Brazilian Finance Minister Guido Mantega has been saying out loud what his colleagues have been whispering: the time of the US dollar as reserve currency is over.
Although nations now have the tools to defuse a standoff, the possibility of a currency war "absolutely" remains, Brazilian Finance Minister Guido Mantega said at the conclusion of the two-day summit.
Brazil's Finance Minister Guido Mantega recently told the Financial Times that the global currency war "was absolutely not over," and cited two countries that, according to him, have not ceased the hostilities: China and the United States.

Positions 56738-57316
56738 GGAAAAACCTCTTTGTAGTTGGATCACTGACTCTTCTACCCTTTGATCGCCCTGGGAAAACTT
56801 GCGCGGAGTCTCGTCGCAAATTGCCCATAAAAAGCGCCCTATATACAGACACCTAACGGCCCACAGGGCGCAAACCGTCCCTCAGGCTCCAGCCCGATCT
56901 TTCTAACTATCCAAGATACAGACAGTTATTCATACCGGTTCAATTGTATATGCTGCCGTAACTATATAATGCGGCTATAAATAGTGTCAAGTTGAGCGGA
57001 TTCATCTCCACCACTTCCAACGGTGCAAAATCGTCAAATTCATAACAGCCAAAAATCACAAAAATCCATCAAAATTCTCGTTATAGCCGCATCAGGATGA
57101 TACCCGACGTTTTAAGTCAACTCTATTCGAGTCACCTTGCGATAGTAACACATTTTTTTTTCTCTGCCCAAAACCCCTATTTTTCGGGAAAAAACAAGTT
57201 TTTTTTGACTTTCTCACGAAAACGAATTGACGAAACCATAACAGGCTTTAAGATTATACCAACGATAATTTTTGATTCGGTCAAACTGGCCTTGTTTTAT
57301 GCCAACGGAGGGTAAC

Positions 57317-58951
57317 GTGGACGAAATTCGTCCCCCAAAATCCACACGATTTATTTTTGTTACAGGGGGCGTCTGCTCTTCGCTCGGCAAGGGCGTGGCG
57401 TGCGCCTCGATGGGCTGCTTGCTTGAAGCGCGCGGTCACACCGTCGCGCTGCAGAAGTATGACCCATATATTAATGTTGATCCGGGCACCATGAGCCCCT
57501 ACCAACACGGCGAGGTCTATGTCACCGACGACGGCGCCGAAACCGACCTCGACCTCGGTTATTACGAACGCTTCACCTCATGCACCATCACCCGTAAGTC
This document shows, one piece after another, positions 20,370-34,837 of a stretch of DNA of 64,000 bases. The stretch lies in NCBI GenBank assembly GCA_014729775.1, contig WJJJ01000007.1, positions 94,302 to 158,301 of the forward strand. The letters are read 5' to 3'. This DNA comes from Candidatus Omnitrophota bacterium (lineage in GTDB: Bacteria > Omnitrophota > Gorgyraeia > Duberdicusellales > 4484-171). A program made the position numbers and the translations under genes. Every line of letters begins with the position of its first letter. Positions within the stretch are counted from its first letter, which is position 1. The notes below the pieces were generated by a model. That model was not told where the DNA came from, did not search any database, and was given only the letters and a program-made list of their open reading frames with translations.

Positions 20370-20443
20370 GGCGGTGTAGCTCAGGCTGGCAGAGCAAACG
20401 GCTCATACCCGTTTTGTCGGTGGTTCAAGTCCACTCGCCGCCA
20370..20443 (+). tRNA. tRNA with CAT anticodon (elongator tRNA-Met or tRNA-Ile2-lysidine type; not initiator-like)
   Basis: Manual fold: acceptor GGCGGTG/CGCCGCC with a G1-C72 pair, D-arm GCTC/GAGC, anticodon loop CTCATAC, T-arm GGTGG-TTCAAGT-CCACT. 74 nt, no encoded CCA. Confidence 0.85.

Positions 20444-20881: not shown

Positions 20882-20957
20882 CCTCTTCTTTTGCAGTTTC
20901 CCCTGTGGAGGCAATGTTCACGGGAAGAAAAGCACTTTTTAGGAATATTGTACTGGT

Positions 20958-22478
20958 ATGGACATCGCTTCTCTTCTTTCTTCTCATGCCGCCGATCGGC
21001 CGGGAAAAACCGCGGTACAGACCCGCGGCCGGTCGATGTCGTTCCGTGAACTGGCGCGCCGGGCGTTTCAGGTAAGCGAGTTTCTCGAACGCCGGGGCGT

Brazil has declared a fresh “currency war” on the US and Europe, extending a tax on foreign borrowings and threatening further capital controls in an effort to protect the country’s struggling manufacturers.
Guido Mantega, the finance minister who was the first to use the controversial term in 2010, said the government would not “sit by passively” as developed nations continue to pursue expansionary monetary policies at the expense of Brazil.
“When the real appreciates, it reduces our competitiveness. Exports are more expensive, imports are cheaper and it creates unfair competition for businesses in Brazil,” he said on Thursday after announcing changes to the so-called IOF tax